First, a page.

Controlling knowledge is a peripheral issue in education, as it relates to reinforcing the dominant cultural narratives that persist in a given society, but becomes extremely important when we relate the concept to propaganda. Those who control, or who have an exclusive mastery of, a dominant communication form can define legitimacy or primacy of ideas and beliefs, and in doing so can include or exclude groups and individuals from circles of power. In totalitarian societies education most assuredly plays this role (think North Korea), but it would be considerably myopic to think that the powerful entitites that generally produce mass communication in “free societies” don’t enlist the same techniques to advance their private or public agendas. Political parties, corporations, and even individuals have become adept at propagandizing the public to the point where we ought to wonder aloud when we aren’t being propagandized, rather than when we are…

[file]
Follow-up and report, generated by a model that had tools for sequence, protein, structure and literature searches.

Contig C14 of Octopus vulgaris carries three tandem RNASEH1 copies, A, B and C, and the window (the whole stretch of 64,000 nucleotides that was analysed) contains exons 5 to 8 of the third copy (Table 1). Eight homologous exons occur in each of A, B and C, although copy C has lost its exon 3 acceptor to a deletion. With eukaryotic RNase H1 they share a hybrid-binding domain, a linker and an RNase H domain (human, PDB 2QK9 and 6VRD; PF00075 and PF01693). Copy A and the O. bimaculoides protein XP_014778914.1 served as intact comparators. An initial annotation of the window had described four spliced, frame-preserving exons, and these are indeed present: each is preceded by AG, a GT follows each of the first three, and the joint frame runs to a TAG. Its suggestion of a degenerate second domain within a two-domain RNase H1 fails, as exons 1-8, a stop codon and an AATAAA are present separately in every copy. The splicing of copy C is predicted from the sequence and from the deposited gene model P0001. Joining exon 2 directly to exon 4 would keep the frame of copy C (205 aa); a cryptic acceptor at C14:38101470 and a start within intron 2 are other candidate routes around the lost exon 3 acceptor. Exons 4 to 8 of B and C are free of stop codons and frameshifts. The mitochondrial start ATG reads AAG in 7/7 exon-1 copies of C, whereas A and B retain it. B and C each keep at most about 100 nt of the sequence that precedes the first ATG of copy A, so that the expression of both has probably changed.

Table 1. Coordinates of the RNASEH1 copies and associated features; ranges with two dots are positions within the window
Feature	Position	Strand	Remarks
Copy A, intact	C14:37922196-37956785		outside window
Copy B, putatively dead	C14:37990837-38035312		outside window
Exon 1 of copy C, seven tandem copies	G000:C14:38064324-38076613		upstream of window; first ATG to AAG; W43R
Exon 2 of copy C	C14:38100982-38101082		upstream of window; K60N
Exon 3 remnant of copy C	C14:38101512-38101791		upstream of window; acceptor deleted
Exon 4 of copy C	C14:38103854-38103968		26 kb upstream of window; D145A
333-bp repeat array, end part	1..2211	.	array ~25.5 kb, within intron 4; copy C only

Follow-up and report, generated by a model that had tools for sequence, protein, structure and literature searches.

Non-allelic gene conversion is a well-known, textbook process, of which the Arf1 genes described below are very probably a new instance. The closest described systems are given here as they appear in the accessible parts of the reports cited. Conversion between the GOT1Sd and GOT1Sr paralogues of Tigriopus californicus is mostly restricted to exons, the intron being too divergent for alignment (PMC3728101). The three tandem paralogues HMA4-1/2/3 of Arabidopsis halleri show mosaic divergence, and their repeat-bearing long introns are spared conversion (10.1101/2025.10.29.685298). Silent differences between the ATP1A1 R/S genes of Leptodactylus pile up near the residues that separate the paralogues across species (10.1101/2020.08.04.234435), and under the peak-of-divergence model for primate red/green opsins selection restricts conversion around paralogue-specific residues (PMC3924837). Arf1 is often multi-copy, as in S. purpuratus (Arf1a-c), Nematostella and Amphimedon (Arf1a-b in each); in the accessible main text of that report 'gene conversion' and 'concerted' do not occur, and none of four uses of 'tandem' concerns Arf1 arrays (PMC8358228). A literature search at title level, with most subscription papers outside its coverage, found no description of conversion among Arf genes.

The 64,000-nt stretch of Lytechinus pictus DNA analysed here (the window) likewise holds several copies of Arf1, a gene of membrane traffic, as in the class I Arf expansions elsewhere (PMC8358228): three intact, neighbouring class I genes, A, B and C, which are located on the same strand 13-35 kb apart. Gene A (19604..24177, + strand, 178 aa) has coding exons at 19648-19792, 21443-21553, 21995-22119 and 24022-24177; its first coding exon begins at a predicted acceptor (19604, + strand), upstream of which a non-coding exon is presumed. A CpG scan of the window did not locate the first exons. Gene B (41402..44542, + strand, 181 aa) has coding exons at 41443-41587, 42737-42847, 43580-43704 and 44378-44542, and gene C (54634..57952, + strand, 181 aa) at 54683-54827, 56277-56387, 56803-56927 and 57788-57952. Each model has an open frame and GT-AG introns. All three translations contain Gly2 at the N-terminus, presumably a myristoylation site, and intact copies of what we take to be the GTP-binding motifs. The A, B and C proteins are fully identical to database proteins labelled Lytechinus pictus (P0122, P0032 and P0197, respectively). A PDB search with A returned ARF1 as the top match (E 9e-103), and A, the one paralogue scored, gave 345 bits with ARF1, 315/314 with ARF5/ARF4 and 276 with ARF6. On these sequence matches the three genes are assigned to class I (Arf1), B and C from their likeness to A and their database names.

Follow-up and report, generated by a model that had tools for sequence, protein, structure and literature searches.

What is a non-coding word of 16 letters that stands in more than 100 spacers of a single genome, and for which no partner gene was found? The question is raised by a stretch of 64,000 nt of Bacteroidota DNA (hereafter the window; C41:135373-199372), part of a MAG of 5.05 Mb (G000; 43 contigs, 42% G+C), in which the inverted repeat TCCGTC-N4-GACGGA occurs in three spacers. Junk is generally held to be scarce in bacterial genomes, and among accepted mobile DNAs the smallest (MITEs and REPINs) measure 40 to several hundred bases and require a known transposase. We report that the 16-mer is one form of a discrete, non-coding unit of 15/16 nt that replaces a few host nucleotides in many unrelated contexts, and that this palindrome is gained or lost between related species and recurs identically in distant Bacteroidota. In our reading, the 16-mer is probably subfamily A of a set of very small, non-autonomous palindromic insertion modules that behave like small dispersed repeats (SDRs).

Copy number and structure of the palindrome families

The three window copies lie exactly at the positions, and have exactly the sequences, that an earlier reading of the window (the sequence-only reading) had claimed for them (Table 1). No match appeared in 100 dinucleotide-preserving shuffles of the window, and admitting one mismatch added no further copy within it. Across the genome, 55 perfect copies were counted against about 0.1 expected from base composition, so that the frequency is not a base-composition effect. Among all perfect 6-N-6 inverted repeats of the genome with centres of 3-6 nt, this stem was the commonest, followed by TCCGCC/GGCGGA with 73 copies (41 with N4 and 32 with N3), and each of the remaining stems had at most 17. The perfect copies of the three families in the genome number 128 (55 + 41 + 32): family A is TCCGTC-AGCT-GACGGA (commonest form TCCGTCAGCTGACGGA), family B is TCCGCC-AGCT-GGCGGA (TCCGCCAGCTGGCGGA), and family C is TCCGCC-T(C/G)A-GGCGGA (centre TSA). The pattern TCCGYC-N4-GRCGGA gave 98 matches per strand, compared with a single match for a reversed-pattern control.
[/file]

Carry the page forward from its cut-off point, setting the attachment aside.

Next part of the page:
Innis says that monopolies of knowledge centralize power. I would argue that the Internet gives us the ability to centralize power around particular fractious nodes of communication influence, where the frequency of linkage to a particular node might correlate to its significance in monopolizing knowledge. Beck U may or may not ever amount to anything, but if interest groups mask propaganda in education the way Beck has here, we might see a trend emerge where the agile-minded individuals in our society, rational or otherwise, can selectively educate themselves via these nodes, collectively reinforce their vision of reality, and parade themselves to the world-at-large as “educated” citizens entitled to the status of expertise previously afforded only to those who rigorously pursued scholarship via accredited institutions.